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COVID-19 update for May 22: Here's the latest on coronavirus in B.C. – Vancouver Sun



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Here’s your daily update with everything you need to know on the novel coronavirus situation in B.C. for May 22, 2020.

We’ll provide summaries of what’s going on in B.C. right here so you can get the latest news at a glance. This page will be updated regularly throughout the day, with developments added as they happen.

Check back here for more updates throughout the day.


• Total confirmed cases in B.C.: 2,507 (310 active cases)
• New cases since May 21, 2020: 18
• Hospitalized cases: 41
• Intensive care: 8
• COVID-19 related deaths: 155
• Recovered: 2,042
• Long-term care and assisted-living homes currently affected: 14
• Acute care facilities currently affected: 2

The next update is Saturday at 1 p.m.

IN-DEPTH:COVID-19: Here are all the B.C. cases of the novel coronavirus


COVID-19: Here’s everything you need to know about the novel coronavirus

COVID-19: Vancouver-area events postponed or cancelled because of spreading virus

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What was the better investment in 1985: Super Mario Bros or Apple stock? – The Next Web



Wanna hear something disgusting? A vintage copy of Super Mario Bros. on the NES was just sold at auction for $114,000.

Admittedly, it’s one of the most influential games ever (it introduces Mario to the world) and the specific copy was given a 9.4 grading, which means it’s in near-perfect condition. Oh, and there’s some weird technicality about a cardboard hanger tag that makes it super rare. But still… $114,000?

This got me thinking — how good of an investment would it have been buying a copy of Super Mario Bros. and leaving it somewhere safe for 20-odd years? Well, I’m going to find out.

After a bit of consideration, I decided that the best thing to compare it to is Apple stock. The Cupertino company has been the darling of investors for years now, with Warren Buffett’s Berkshire Hathaway owning $91.3 billion of it, making up 43% of its portfolio.

So, let’s find out which would’ve been a better investment.

I couldn’t find a specific US release date, but Super Mario Bros. was launched in Japan on September 13, 1985 — so I’m going to use this date.

After a bit of digging, I found the rough price range of NES games from a print issue of Electronic Games Monthly:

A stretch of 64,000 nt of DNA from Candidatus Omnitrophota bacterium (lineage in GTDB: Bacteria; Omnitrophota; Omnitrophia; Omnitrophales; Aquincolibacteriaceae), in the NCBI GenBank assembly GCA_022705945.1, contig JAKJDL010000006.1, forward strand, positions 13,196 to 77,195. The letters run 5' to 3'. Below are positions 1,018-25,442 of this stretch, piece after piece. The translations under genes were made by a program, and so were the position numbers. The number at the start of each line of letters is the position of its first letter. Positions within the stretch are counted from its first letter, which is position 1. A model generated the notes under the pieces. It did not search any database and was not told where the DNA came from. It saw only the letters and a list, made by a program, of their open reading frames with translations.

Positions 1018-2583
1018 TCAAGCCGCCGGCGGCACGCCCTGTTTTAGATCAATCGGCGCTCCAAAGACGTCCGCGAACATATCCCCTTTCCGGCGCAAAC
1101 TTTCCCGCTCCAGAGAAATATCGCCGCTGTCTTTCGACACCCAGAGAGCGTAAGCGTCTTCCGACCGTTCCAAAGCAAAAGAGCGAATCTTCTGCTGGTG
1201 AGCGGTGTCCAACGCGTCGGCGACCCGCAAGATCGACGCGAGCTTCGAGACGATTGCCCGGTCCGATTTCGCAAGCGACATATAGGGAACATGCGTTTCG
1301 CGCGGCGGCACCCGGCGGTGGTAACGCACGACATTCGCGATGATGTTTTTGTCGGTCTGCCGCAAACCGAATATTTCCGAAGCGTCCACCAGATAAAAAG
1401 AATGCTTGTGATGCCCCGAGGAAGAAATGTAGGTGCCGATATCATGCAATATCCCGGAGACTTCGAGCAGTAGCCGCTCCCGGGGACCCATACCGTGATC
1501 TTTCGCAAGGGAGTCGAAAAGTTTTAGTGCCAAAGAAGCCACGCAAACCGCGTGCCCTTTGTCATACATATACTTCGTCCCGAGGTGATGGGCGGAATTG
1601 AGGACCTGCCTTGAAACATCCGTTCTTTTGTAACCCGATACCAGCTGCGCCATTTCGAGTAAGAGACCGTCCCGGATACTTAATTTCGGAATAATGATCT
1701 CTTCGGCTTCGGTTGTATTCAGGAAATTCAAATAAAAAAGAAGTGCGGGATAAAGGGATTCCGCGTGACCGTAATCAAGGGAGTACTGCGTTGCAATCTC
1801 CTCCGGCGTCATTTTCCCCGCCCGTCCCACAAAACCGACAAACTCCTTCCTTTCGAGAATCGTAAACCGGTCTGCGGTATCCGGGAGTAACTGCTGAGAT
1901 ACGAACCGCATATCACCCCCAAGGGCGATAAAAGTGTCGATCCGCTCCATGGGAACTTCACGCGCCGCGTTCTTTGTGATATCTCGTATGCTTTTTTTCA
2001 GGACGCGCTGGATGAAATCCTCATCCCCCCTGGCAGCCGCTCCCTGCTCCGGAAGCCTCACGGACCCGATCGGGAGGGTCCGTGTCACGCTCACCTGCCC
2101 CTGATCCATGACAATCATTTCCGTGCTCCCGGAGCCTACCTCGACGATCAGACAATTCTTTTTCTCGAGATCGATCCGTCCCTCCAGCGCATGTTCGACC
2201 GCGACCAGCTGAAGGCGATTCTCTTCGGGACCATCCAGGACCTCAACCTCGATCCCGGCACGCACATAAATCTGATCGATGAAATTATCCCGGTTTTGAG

NES games super mario bros cost on release

Now, as Super Mario Bros. was a flagship title, let’s just assume that it was one of the most expensive games on the NES. That means it would’ve had a retail cost of $49.99.

Next? Well, we need to find out how much Apple stock cost on September 13, 1985. Which I did:

Apple Stock 1985 super mario bros

It closed at $0.281250 on that day, meaning $49.99 worth of it would leave us with 177.74 Apple stocks. 

Not bad at all.

In terms of dates, the $114,000 copy of Super Mario Bros. sold on July 10, 2020. At close on the same day, a single Apple stock was worth $383.679993.

This means your 177.74 Apple stocks were worth $68,196.14 last Friday. Oof.

Yep, the mint condition copy of Super Mario Bros. is worth $45,803.86 more than all those sweet, delicious stocks.

But don’t tear up your investment portfolio just yet (I know how close you were), as this is a bit of a blip for two reasons: one, the rarity of this specific copy of the game and two, stock splits.

Let’s look at the rarity first.

A bit of browsing on Price Charting shows that even an unopened copy of Super Mario Bros. normally only goes for, on average, $298.26.

super mario bros new price chart
Of course, there’s a fair amount of variation here and none of these new copies were officially graded, but hey, it gives us an idea.

So yeah, if you were thinking of heading to your parents’ loft to try and find that beat-up copy you used to play with your siblings, and make a killing, you might be disappointed.

Now, onto the stock splits.

Basically, this is what happens when a company divides its existing shares so there are more of them. Apple has done this four times since 1985. The long and short of it meaning that if you held 177 when Super Mario Bros. was released, you’d actually have 9,912 now.